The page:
Real Hip Hop is alive and well in the form of the quickly escalating lyrical beef between the old school of self-made lyricism and the new school, not-so-authentic rap performer. The former being defending by G.O.O.D Music’s kingpin Pusha T and the latter by OVO Sound’s leader, Drake.
If you haven’t been in the know recently, Pusha T recently dropped his Daytona album, one of a handful of albums set to be produced exclusively by Kanye West. The seven-track project is laced with heavy lyrics and masterful production, but it was his closing track, “Infrared,” that was quick to raise eyebrows throughout the hip hop community. The single opens up with a pretty direct shot at Drake.
This being a blatant reference to 2016, when it was revealed that many of Drake’s lyrics had been penned by Quentin Miller, a ghostwriter of moderate fame at the time. The rest of the track addresses the laundry list of grievances Pusha has with OVO, and by connection Birdman and Cash Money Records, while reiterating his career in the drug trade, ultimately to close the song with a question to the OVO leader, “how could you ever right these wrongs, when you don't even write your songs?” This, being a reference to the closing line of Drake’s verse on Kendrick Lamar’s 2013 hit “Poetic Justice,” where he says “But I could never right my wrongs, unless I write it down for real, P.S.”
It seems however that someone gave Drake a heads-up about the track prior to the official release, as he dropped his own rebuttal, “Duppy Freestyle,” on the OVO Soundcloud the same day of Pusha T’s album. The entire track is a direct onslaught to Pusha T, Kanye West and G.O.O.D Music.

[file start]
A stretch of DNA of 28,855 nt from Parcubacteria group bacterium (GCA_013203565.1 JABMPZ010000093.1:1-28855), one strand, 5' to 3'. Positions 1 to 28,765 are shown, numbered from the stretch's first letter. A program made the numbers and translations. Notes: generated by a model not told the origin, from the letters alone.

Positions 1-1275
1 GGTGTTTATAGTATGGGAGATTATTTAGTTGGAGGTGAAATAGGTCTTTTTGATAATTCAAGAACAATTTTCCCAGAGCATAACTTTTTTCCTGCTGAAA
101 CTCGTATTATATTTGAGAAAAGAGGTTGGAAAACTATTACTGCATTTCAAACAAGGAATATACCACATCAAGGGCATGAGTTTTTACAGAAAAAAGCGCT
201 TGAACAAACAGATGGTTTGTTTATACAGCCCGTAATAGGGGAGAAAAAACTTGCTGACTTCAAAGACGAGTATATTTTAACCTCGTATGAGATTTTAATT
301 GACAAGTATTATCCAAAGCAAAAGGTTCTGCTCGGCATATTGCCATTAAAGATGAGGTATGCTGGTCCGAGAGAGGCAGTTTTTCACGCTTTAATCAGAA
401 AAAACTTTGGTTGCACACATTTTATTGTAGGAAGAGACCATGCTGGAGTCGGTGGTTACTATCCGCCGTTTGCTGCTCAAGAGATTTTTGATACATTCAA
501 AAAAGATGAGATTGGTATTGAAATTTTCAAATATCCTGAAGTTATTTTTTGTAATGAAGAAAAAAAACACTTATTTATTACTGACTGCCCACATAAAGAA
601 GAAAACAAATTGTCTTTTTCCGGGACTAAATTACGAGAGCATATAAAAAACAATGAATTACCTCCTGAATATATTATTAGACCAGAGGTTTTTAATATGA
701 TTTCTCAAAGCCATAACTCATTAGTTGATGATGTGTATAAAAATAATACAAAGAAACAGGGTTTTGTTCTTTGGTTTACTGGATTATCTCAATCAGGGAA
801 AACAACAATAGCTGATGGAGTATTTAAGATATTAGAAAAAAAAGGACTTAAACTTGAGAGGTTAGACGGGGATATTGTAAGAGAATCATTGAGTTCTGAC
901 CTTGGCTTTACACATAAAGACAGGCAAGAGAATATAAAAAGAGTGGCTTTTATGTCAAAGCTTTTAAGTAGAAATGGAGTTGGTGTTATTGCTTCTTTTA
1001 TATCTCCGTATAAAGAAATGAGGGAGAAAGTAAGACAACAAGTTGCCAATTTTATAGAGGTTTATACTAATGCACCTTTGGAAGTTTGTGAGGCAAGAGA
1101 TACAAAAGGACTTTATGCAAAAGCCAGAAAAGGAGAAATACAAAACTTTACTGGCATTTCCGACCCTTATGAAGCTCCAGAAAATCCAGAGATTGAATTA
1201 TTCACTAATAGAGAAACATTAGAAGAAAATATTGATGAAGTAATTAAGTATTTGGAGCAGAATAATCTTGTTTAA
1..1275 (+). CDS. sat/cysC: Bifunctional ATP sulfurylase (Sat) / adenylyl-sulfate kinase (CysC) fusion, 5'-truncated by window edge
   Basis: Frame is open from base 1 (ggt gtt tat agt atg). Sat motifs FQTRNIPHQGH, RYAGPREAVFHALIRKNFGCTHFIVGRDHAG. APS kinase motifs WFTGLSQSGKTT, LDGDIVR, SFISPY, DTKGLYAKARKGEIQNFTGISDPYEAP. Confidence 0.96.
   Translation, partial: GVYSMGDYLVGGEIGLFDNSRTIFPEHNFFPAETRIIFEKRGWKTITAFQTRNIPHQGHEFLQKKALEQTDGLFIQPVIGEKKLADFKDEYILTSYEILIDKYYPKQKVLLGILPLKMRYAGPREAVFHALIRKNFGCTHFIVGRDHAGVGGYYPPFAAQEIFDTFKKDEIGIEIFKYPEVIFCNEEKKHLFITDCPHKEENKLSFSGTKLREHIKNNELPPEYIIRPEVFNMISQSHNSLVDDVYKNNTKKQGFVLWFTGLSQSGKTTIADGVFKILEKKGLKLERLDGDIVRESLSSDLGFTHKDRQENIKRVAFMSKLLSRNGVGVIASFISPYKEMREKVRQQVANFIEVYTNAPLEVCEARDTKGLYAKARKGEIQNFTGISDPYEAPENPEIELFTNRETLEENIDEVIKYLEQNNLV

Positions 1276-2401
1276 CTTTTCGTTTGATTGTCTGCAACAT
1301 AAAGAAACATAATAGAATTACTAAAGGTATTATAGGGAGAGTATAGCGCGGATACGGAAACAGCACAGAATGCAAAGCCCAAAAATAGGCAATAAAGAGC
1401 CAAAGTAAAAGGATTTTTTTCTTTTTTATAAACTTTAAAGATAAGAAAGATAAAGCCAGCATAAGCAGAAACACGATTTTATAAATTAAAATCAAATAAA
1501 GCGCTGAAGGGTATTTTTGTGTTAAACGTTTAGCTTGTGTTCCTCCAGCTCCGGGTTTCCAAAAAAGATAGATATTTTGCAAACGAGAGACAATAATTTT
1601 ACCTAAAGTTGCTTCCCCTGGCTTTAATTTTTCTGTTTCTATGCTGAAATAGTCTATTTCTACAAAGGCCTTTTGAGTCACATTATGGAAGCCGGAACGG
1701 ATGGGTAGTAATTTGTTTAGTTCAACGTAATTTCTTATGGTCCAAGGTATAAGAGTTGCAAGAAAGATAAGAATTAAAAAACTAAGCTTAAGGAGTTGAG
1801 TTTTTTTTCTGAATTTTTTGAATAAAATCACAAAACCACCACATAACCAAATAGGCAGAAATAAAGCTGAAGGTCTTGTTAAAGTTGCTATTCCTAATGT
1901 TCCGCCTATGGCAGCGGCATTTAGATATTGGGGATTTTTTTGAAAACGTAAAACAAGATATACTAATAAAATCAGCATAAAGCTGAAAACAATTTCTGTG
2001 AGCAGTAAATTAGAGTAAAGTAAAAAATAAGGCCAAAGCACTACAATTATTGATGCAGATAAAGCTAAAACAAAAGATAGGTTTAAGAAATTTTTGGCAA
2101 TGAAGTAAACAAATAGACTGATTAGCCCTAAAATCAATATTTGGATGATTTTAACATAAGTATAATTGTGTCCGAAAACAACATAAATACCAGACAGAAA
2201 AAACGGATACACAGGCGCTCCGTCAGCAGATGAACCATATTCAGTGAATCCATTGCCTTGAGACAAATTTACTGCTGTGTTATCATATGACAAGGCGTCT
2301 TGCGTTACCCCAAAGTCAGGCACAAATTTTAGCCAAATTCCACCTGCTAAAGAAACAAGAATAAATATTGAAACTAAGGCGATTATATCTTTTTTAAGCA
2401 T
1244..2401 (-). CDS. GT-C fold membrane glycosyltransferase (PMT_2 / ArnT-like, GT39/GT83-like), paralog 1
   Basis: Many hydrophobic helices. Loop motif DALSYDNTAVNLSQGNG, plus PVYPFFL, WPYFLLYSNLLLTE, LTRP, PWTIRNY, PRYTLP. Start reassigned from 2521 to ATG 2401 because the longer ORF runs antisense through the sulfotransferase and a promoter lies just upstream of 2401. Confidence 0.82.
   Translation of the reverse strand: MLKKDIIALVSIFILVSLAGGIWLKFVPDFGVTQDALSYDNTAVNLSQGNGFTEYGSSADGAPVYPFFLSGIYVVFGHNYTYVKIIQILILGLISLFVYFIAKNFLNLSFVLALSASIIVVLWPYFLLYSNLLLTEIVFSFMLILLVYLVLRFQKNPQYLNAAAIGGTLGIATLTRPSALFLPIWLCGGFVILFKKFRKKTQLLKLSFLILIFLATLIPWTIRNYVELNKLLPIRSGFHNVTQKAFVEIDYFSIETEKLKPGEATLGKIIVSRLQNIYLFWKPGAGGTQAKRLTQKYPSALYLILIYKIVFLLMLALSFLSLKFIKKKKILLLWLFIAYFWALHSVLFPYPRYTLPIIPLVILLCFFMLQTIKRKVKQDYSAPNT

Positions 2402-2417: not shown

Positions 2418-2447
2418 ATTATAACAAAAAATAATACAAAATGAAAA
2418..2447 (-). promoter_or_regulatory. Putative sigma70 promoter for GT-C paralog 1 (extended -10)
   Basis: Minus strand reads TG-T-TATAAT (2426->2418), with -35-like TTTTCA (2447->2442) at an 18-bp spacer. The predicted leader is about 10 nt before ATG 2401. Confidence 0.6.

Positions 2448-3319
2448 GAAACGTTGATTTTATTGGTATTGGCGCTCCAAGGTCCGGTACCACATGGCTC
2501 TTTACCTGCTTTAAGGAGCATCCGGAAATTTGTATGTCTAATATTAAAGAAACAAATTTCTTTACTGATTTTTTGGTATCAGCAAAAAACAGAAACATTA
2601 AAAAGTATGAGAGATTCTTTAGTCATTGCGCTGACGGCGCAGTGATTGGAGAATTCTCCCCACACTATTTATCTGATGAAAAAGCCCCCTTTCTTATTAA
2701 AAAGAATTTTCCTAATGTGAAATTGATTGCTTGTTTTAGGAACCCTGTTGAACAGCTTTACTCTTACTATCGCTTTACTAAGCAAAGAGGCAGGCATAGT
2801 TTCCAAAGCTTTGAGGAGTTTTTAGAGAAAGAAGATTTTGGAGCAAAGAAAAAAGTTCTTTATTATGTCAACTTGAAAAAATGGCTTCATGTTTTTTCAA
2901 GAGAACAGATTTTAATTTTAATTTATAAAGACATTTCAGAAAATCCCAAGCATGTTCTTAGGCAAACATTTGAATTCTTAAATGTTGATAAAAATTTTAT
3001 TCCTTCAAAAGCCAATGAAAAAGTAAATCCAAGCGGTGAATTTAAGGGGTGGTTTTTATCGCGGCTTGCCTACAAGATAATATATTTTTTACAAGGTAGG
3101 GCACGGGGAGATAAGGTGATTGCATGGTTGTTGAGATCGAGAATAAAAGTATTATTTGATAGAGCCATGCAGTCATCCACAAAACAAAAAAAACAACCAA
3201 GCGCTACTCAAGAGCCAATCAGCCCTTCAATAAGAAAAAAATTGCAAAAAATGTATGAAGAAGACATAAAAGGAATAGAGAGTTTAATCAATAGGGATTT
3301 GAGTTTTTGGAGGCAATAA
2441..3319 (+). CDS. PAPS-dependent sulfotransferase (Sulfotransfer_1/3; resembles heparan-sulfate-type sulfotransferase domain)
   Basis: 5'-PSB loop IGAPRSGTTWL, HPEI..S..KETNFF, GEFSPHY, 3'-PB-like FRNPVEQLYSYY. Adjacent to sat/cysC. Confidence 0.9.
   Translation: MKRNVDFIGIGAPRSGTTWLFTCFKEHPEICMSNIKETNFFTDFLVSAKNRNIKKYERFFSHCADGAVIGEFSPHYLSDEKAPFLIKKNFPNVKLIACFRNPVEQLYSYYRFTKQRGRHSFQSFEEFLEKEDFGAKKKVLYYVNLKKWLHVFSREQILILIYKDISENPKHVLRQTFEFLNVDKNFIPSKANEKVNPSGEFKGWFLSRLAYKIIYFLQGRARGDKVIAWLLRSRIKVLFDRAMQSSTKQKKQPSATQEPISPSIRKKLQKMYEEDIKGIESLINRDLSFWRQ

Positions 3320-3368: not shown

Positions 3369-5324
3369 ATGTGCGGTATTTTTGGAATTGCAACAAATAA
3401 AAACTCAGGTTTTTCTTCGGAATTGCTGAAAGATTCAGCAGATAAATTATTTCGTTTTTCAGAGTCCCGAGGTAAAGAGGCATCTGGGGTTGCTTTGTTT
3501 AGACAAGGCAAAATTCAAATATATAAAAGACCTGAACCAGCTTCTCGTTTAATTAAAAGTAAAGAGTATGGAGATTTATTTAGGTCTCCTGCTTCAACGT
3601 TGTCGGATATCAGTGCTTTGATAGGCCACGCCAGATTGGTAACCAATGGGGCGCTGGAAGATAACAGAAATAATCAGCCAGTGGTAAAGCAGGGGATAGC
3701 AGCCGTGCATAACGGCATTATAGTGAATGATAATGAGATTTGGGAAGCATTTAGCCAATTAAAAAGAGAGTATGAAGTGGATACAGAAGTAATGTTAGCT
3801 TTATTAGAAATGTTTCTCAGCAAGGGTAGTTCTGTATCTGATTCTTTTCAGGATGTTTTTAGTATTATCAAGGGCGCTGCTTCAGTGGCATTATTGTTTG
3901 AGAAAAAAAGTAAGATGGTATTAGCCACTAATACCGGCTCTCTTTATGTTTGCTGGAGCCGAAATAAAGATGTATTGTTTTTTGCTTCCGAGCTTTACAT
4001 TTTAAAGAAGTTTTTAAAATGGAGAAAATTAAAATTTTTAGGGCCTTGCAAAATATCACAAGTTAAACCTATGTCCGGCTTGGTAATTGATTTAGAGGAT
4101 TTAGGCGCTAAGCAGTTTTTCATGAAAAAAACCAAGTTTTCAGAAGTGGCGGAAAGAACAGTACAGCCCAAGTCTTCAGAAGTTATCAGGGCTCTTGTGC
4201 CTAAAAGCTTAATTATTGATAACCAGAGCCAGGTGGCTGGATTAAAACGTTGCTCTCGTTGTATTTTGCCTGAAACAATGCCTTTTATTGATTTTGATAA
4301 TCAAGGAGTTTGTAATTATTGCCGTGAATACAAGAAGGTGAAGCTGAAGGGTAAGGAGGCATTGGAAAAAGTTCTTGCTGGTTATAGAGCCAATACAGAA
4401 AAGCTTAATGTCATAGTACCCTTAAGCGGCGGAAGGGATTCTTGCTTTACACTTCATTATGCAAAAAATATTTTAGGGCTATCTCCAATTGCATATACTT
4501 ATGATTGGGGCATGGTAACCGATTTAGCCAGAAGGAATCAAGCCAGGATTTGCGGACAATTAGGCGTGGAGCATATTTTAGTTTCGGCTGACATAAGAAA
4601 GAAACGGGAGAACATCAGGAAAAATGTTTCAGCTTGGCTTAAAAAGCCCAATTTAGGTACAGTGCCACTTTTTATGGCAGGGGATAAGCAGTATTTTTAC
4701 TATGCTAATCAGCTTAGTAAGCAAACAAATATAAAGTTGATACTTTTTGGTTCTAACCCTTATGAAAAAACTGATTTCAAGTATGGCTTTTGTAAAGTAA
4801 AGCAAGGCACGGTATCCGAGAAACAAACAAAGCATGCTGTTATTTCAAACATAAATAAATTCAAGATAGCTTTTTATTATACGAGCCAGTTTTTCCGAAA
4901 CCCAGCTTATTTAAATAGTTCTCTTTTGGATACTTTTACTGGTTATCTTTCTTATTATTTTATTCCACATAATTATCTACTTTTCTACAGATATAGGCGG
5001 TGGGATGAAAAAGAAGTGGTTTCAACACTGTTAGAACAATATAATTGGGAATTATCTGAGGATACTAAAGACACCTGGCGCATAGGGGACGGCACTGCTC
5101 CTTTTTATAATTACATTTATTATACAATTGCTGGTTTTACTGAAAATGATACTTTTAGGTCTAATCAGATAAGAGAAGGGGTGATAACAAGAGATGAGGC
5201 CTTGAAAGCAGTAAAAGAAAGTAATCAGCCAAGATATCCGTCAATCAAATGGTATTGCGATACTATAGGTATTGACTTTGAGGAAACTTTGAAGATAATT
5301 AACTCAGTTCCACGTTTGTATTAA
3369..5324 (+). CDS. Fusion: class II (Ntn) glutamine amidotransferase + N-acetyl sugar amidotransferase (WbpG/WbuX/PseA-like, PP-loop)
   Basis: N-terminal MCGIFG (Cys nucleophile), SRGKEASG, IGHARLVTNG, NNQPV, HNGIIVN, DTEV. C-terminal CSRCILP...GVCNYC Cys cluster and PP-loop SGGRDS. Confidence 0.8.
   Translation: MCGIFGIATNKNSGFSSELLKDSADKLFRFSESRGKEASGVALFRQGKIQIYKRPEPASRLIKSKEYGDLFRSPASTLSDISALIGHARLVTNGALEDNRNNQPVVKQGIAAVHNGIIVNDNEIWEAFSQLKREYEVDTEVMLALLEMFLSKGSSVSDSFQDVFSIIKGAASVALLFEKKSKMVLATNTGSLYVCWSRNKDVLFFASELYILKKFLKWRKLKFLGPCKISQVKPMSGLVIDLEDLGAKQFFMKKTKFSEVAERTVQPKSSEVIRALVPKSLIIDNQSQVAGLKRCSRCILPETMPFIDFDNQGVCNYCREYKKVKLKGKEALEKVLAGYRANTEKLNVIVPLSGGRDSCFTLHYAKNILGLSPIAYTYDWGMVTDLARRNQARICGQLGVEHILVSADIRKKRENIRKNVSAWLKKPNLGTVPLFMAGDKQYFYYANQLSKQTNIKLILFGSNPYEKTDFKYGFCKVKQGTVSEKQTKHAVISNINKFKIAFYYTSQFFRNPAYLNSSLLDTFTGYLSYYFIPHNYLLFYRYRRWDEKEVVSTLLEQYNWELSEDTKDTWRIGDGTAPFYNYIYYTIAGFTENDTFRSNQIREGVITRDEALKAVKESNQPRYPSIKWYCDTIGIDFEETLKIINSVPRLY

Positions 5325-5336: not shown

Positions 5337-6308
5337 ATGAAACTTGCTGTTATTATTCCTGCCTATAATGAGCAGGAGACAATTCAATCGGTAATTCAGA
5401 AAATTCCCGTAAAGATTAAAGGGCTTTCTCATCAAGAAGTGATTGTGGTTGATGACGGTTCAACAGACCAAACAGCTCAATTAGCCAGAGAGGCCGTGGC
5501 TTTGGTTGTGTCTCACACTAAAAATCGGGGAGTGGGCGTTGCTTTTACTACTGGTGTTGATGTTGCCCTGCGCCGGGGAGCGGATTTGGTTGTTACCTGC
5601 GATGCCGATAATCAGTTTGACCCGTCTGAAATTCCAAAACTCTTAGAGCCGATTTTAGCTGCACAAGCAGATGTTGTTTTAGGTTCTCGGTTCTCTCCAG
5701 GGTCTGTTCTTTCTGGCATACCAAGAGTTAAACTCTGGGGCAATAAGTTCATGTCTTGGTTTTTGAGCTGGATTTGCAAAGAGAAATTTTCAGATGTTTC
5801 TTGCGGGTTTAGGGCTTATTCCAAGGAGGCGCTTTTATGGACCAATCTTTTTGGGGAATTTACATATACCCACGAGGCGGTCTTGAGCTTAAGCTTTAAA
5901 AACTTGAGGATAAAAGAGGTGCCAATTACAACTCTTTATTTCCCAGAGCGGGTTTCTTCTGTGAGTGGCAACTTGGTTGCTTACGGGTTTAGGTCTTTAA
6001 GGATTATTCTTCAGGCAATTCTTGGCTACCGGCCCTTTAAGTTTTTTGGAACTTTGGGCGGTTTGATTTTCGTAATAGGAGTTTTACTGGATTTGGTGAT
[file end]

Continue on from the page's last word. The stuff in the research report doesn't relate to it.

Drake comes out the gate swinging for the fences, asking “So if you rebuke me for workin' with someone else on a couple of Vs, what do you really think of the nigga that's makin' your beats?” The entire track is direct shots across the board, and left jaws on the floor wondering if this was the end for King Push — until Tuesday, when Pusha T came back with a response.
Pusha T has taken a page from the greats on “The Story Of Adidon,” in which he sidesteps the easy targets putting drug dealing and ghostwriting aside and addressing the hidden stress of Drake’s personal life. Taking aim at money matters Pusha T opens addressing the difference in financial standings between the two, alluding to the financial misdeeds on Birdman — the head of Cash Money Records, who’s been known for “misappropriating” funds earned by label artists. Pusha T continues the attack by moving to Drake’s parents and family life, but things quickly escalate when he alleges that last year’s pregnancy allegations from former porn actress Sophie Brussaux did, in fact, produce a child with the OVO frontman.
There hasn’t been much word of the alleged love child since May of last year, but there may be some truth to Pusha T’s claims, as Drake’s latest single, “I’m Upset,” reveals some of the rapper’s frustrations with the possibility of facing child support, exclaiming that he “can’t go fifty-fifty with no ho,” and doesn’t agree with the notion that “Every month, [he’s] supposed to pay her bills and get her what she want.”
Now that the cat may be out of the bag for Drake as Pusha T gears up for a “Surgical Summer,” we may be in for a rap war, the likes of which we haven’t seen in decades.
Nick Bailey is a forward thinking journalist with a well-rounded skill set including writing, design, and photography. Nick now resides in Austin, TX after earning a degree in Mass Communication with an emphasis on journalism from Texas A&M University—Commerce.